White Marlin Open, Inc. v. Heasley et al
MEMORANDUM AND ORDER granting in part and denying in part Heasely's 159 Motion to Stay this Court's Judgment; granting insofar as execution of this Court's Judgment shall be stayed; directing the Interpleaded Prize Money shall remai n in the Courts Registry pending the resolution of his appeal; denying insofar as he requests that no supersedeas bond be required; directing Heasley shall post a bond with this Court in the amount of $281,866.00 within fourteen (14)days of this Memorandum Order. Signed by Judge Richard D. Bennett on 8/10/2017. (c/em finance 8/10/17-das)(dass, Deputy Clerk)
IN THE UNITED STATES DISTRICT COURT
FOR THE DISTRICT OF MARYLAND
WHITE MARLIN OPEN, INC., et al.,
Civil Action No.: RDB-16-3105
PHILLIP G. HEASLEY,
This Memorandum Order addresses defendant-appellant Philip G. Heasley’s Motion
for Supersedeas or, in the Alternative, Stay of Final Judgment Pending Appeal (“Heasley’s
Motion”). (ECF No. 159.) The parties’ submissions have been reviewed, and no hearing is
necessary. See Local Rule 105.6 (D. Md. 2016.) For the reasons stated below, Heasley’s
Motion will be GRANTED IN PART and DENIED IN PART. Specifically, the Motion
will be GRANTED insofar as execution of this Court’s Judgment shall be STAYED, and
the Interpleaded Prize Money (ECF No. 45) shall remain in the Court’s Registry pending the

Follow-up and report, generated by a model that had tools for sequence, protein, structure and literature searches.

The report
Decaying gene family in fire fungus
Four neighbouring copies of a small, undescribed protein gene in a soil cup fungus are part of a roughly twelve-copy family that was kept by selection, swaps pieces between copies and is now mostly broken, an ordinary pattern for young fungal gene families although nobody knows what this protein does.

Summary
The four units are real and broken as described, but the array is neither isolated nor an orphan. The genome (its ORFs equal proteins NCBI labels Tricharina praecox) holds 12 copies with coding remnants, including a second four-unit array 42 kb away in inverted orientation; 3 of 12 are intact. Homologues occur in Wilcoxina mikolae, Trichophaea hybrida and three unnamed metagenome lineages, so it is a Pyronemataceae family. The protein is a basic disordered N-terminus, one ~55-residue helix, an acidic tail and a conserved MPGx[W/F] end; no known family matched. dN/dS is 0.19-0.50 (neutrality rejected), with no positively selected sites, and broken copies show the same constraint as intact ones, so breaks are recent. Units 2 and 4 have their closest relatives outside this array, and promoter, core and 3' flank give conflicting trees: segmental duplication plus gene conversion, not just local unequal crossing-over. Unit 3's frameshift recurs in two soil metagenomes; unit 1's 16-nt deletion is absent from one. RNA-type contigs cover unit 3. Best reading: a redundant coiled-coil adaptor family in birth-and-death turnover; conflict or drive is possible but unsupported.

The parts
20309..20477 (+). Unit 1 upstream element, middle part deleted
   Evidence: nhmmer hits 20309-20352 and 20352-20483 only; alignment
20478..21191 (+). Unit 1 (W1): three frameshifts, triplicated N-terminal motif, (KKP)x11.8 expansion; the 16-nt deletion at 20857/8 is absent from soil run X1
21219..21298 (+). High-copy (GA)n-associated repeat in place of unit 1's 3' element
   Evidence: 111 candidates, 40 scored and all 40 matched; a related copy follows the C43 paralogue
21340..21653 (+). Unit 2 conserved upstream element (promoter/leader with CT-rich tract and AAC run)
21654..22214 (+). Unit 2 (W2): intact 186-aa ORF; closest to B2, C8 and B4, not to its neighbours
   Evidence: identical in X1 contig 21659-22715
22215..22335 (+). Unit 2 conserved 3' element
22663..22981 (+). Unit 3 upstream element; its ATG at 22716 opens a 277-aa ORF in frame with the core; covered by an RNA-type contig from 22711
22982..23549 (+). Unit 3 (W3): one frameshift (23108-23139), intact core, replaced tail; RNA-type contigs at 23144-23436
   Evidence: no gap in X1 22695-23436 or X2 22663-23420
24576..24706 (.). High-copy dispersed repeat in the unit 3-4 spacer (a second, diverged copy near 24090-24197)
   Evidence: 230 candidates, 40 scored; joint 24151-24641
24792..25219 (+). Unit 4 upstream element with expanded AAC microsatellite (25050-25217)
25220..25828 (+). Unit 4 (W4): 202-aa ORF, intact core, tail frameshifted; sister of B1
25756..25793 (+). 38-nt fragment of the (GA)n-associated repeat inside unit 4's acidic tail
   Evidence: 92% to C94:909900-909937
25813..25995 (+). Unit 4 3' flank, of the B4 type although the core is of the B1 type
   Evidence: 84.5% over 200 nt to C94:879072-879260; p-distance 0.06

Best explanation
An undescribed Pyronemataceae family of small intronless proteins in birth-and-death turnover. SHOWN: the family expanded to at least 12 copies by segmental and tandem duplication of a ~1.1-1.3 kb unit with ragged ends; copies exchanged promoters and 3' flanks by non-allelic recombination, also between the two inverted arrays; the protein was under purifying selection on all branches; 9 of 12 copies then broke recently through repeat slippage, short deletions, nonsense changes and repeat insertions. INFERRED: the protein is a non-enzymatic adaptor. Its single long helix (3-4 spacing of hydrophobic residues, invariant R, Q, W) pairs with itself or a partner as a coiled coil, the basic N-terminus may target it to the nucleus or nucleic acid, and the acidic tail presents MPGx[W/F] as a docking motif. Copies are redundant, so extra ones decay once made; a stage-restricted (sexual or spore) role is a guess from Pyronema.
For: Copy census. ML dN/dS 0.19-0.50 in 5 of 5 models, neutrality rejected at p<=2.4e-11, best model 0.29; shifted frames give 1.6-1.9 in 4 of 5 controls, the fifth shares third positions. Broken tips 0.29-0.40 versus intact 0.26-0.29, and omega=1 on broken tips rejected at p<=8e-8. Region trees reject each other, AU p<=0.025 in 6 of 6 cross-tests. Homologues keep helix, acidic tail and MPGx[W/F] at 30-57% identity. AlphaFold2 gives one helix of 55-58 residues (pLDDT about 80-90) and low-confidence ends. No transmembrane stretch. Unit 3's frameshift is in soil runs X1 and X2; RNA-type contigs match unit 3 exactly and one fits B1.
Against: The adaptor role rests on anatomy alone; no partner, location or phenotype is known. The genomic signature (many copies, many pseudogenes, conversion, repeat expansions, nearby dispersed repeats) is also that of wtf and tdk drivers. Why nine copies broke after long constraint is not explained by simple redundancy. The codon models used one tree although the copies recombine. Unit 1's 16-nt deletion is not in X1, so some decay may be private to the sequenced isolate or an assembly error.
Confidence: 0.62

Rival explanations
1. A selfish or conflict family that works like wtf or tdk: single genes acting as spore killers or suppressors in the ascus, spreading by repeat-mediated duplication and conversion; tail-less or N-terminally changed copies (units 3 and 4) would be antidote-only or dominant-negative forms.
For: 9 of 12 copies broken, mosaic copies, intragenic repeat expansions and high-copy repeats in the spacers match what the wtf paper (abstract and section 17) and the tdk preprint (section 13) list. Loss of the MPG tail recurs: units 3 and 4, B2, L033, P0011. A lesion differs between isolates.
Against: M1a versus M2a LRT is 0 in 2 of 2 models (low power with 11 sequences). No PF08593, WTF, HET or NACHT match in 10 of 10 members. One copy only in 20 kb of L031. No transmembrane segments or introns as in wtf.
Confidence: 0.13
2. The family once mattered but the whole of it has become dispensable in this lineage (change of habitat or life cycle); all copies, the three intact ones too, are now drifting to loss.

resolution of his appeal. Heasley’s Motion will be DENIED insofar as he requests that no
supersedeas bond be required; Heasley SHALL POST a supersedeas bond with this Court in
the amount of $281,866.00 within fourteen (14) days of this Memorandum Order.
On July 10, 2017, this Court entered a Final Judgment (“Judgment”) (ECF No. 155)
which: (1) declared that defendant Philip Heasley is not entitled to any distribution of the
Interpleaded Prize Money; (2) entered judgment in favor of plaintiff White Marlin Open,
Inc., on defendant Heasley’s Counterclaims (ECF No. 95); (3) dismissed with prejudice any
pending crossclaims; and (4) provided a formula for the distribution of the Interpleaded
Prize Money (ECF No. 45) based on the prevailing parties’ June 30, 2017 Status Report
(ECF No. 154). The Judgment further provided that the Interpleaded Prize Money and
accrued interest would be distributed not less than thirty (30) days after the date of the
On August 2, 2017, Heasley noted an appeal from this Court’s Judgment and from all
of the pretrial Memorandum Opinions and Orders entered in this case. (ECF No. 156.) On
August 7, 2017, Heasley filed his now-pending Motion for Supersedeas. (ECF No. 159.)
STANDARD OF REVIEW
Rule 62(d) of the Federal Rules of Civil Procedure provides that, “[i]f an appeal is
taken, the appellant may obtain a stay by supersedeas bond…The bond may be given upon
or after filing the notice of appeal or after obtaining the order allowing the appeal. The stay
takes effect when the court approves the bond.” Fed. R. Civ. P. 62(d). Local Rule 110 of
this Court provides that, “[u]nless otherwise ordered by the Court, the amount of any
supersedeas bond filed to stay execution of a money judgment pending appeal shall be 120%
of the amount of the judgment plus an additional $500 to cover costs on appeal.” Loc. R.
110.1(a) (D. Md. 2016). “This procedure has been interpreted to guarantee a defendant a
stay of the whole judgment ‘as a matter of right.’” RG Steel Sparrows Point, LLC v. Kinder
Morgan Bulk Terminals, Inc., WMN-09-1668, 2014 WL 5293682, at *1 (D. Md. Oct. 14, 2014).